A few weeks ago, a friend of mine asked me to make her up a crochet shawl that she could wear to her brother’s wedding. It was taking place in northern Michigan, where temperatures could get chilly, and the dress she was planning to wear was sleeveless. She selected the yarn color, and sent me a pattern, so I sat down to get to work.
It wasn’t until after I started that I realized she had sent me a knit pattern instead of a crochet one. That was a big problem, because while I can do some basic knitting, it’s definitely a project that would take me months, rather than mere weeks to make. So I took the pattern and used it as a sort of inspiration piece (which I strayed drastically from) and made up a crochet shawl all my own!
To be honest, I don’t think I’ve ever made a crochet shawl before, especially not without a pattern. But it was so much fun to do. Don’t get me wrong, there were plenty of rows that I had to rip out that didn’t work for one reason or another, and I made extensive use of triple crochets in order to get the length done by the deadline she needed it for before the wedding. To my surprise, the airy triples gave it a drape that is more common to knitting, without sacrificing warmth.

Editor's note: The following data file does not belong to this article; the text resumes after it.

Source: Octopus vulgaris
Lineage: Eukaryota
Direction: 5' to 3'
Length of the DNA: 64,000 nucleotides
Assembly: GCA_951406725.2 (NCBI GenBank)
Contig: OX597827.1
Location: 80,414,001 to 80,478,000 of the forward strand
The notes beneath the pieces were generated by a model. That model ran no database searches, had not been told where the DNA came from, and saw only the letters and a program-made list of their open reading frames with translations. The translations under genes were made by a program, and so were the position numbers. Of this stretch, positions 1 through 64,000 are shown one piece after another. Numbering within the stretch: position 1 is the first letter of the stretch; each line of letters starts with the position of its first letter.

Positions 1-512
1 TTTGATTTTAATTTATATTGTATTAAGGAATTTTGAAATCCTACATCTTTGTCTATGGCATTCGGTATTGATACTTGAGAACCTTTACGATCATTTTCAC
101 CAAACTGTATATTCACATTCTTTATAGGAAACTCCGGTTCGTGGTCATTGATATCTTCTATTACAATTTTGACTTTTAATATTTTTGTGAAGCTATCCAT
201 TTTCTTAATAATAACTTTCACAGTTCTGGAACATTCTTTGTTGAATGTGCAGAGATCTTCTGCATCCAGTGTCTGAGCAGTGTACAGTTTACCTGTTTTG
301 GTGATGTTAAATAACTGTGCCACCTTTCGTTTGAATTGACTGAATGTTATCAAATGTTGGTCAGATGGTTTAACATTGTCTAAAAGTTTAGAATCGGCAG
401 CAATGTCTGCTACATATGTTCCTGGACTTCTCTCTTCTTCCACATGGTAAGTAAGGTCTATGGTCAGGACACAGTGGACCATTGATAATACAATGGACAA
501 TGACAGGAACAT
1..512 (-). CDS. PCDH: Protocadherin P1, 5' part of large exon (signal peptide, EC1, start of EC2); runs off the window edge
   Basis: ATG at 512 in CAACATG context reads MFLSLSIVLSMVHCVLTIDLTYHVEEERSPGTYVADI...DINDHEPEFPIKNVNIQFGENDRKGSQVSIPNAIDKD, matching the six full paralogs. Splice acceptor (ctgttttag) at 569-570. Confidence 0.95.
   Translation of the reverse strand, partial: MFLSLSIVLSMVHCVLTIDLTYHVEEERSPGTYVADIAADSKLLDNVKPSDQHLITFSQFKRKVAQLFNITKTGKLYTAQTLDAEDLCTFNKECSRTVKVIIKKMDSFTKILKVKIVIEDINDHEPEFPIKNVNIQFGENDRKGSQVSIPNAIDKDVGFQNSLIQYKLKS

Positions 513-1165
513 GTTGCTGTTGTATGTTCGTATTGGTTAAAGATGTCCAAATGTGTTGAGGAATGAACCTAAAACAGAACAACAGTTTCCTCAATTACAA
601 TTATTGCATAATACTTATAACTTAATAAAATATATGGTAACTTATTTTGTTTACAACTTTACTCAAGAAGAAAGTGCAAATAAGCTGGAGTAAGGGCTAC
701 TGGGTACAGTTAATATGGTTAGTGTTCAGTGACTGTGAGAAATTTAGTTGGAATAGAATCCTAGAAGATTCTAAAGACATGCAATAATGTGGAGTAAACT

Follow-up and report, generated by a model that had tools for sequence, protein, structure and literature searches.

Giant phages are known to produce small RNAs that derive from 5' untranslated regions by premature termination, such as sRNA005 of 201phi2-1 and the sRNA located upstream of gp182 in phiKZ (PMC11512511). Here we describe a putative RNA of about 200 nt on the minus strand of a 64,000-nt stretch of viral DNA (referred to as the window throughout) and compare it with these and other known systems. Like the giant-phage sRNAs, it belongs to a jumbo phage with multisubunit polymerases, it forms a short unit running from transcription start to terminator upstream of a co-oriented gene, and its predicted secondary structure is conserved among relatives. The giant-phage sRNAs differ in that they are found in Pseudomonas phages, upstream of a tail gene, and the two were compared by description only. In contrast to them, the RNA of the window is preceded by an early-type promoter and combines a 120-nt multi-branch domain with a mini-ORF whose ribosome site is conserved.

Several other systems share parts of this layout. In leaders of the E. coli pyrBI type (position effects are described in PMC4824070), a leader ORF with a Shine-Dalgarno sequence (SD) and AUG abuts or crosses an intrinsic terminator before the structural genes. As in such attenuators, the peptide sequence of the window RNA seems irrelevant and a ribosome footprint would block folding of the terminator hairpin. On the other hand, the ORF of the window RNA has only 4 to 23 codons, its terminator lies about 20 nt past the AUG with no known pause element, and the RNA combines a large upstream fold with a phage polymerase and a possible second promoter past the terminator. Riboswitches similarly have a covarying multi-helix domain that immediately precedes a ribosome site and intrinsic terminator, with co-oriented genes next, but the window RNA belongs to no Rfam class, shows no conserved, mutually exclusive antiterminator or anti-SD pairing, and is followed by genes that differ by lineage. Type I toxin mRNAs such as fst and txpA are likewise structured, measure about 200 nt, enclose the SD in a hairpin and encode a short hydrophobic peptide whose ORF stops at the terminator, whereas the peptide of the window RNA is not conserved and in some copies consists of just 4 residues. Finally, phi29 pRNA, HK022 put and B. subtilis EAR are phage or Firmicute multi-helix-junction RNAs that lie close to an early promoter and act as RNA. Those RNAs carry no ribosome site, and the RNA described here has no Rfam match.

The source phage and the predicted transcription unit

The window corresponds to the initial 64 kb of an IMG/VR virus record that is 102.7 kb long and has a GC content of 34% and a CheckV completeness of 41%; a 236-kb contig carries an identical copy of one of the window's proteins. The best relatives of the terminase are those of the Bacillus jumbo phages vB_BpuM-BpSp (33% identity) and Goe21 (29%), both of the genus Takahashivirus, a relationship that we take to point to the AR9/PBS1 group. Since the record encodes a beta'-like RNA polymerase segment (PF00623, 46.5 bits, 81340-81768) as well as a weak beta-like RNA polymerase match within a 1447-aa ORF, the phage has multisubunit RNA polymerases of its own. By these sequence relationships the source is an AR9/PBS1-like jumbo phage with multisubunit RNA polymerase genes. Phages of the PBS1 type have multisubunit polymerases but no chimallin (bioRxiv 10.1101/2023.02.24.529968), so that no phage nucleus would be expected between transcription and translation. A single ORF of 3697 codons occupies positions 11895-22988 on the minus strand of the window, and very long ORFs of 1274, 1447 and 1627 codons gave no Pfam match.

I took notes as I went along on the back of scrap paper and envelopes that I had sitting around in case it turned out nice and I wanted to make it again. I think that I wouldn’t mind at all having a version for myself. So as I gather these messy notes together, I think I’ll make it into a pattern that will be free for all, in case anyone else wants to make one too. So stay tuned in the next few weeks while I get that together!
Even though the wedding weekend turned out to be a warm one for her after all, my friend loves the shawl and got many compliments on it. I can’t wait to make up another one for myself!
Hello, June, and hello new monthly crochet squares.
The patterns selected for this month were fantastic, and I had a ton of fun making them. The best part about them is that I made them all while outside sitting in the sunshine – such a nice break from the cold doldrums of winter! I’m still unpacking from my move last fall (yes, it takes me that long to get myself together!), and the patio has taken a backseat to getting all the rooms together indoors. But I have pulled out my patio table and some chairs and got an outdoor rug to put them all on. My yard is teeming with ticks and poison ivy, and I’m still laying down grass seed to get to the bare spots growing. It’s not exactly the lush garden of paradise that I was hoping it would be by now. But I also have wild blackberries and grapes growing all over, and the mint and parsley that I planted last month are already thriving, so if nothing else, I’ll have some wonderfully scented fruit salad! Anyway, I have plenty of time left this summer to get things together, and just being able to sit outside my door is a pleasure.